• "Good" ratings for front, side and rear impact and rollover protection
  • Electronic stability control now standard
  • Rating applies only to new Versa sedan

Nissan priced the redesigned 2012 Versa sedan $1,000 higher than the 2011 model, but added more standard equipment, including stability control, a safety feature that is now required by federal regulations. Still, the Versa sedan remains the lowest priced new car in America, with a starting MSRP of just $10,990. Fortunately for economically minded car shoppers, the 2012 Versa's affordable price doesn't mean buyers have to sacrifice on safety. The Versa recently earned a Top Safety Pick rating from the Insurance Institute for Highway Safety (IIHS), the organization's highest level of safety performance.

The IIHS designates vehicles a Top Safety Pick for earning the top rating of "good" in each category tested. These include front, side and rear impact as well as rollover protection. Further, only vehicles with standard electronic stability control can receive the Top Safety Pick designation.

Because electronic stability control became mandated for all 2012 vehicles, the number of cars and light trucks earning the IIHS's highest rating has increased significantly. Stability control helps to prevent accidents by individually braking any wheel that loses traction, helping the driver maintain control of the vehicle's speed and direction.

Stability control alone did not earn the Versa its top rating, though. The 2011 model scored only "acceptable" ratings for side impact and rollover protection. The redesign of the compact sedan has apparently resulted in greater protection for occupants. The new model uses six airbags, anti-lock brakes with electronic brake force distribution, and brake assist, a technology that can automatically apply maximum braking in an emergency stop.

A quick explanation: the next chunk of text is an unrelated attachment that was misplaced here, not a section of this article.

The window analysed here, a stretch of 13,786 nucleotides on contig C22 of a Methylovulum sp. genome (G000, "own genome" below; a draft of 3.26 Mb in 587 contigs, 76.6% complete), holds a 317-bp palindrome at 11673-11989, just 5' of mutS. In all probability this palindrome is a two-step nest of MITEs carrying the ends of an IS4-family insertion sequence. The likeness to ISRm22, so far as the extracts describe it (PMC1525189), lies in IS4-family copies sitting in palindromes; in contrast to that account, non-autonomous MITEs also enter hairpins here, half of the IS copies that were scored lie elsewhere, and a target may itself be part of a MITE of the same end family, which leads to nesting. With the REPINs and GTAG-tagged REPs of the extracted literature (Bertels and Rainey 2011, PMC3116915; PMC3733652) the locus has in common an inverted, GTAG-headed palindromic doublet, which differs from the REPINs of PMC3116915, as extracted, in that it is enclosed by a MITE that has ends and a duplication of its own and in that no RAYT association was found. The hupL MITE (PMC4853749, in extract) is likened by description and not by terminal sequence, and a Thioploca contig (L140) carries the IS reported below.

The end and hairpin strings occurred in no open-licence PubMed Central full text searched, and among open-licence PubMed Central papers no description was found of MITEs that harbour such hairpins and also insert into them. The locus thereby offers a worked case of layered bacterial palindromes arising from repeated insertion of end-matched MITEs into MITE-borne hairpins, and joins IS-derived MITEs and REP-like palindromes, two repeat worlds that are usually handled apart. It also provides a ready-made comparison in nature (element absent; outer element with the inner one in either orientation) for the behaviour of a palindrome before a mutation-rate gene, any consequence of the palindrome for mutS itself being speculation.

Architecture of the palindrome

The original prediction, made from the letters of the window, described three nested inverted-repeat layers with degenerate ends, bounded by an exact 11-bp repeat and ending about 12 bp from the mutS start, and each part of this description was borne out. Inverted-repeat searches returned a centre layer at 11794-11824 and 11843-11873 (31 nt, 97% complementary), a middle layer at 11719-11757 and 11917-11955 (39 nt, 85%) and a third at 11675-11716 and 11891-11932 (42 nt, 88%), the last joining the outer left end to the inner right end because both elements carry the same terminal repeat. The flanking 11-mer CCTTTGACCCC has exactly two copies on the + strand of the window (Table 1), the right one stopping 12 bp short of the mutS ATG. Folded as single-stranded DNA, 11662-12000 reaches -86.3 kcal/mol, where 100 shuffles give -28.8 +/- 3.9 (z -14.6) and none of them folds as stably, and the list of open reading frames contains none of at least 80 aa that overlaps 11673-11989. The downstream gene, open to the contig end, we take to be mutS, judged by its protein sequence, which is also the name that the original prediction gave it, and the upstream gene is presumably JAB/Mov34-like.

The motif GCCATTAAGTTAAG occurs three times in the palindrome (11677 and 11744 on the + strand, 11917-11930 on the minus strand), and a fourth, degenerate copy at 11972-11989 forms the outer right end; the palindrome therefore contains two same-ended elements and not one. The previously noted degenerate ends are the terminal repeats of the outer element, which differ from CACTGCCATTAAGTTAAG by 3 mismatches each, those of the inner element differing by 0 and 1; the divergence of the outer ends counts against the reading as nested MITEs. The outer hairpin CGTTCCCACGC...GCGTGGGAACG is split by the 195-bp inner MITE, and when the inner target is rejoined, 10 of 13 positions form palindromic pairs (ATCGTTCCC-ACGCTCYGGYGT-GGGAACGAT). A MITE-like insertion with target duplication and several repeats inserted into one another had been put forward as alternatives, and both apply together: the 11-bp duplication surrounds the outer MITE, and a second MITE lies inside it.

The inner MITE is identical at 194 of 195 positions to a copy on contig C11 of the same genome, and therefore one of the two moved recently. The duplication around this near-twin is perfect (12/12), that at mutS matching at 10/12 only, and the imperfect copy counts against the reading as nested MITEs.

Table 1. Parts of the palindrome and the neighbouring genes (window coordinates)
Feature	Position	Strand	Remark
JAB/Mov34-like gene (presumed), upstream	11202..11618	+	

The Versa hatchback has not yet been redesigned and therefore is not included in the Top Safety Pick designation. A redesigned Versa hatchback is expected later this year, at which time the IIHS will conduct a separate safety test.

Although the 2012 Versa sedan costs more, the redesigned model includes standard air conditioning and AM/FM/CD audio, both of which were options in the old version. Fuel economy in the new car is better, too.

While the Versa may be inexpensive to own and operate, the low price does not come at the expense of safety. After all, many budget shoppers can live without the latest comfort and convenience features, but safety is a priority regardless of price.

What it means to you: The 2012 Nissan Versa sedan's IIHS Top Safety Pick means the least expensive car in America is also very safe.

author photo

Nick Palermo is an automotive writer and lifelong car nut. He follows new and late-model used vehicles for AutoTrader.com, writes about vintage cars for Hemmings Classic Wheels and blogs on all things automotive at LivingVroom. He lives in Atlanta with his wife and twins.

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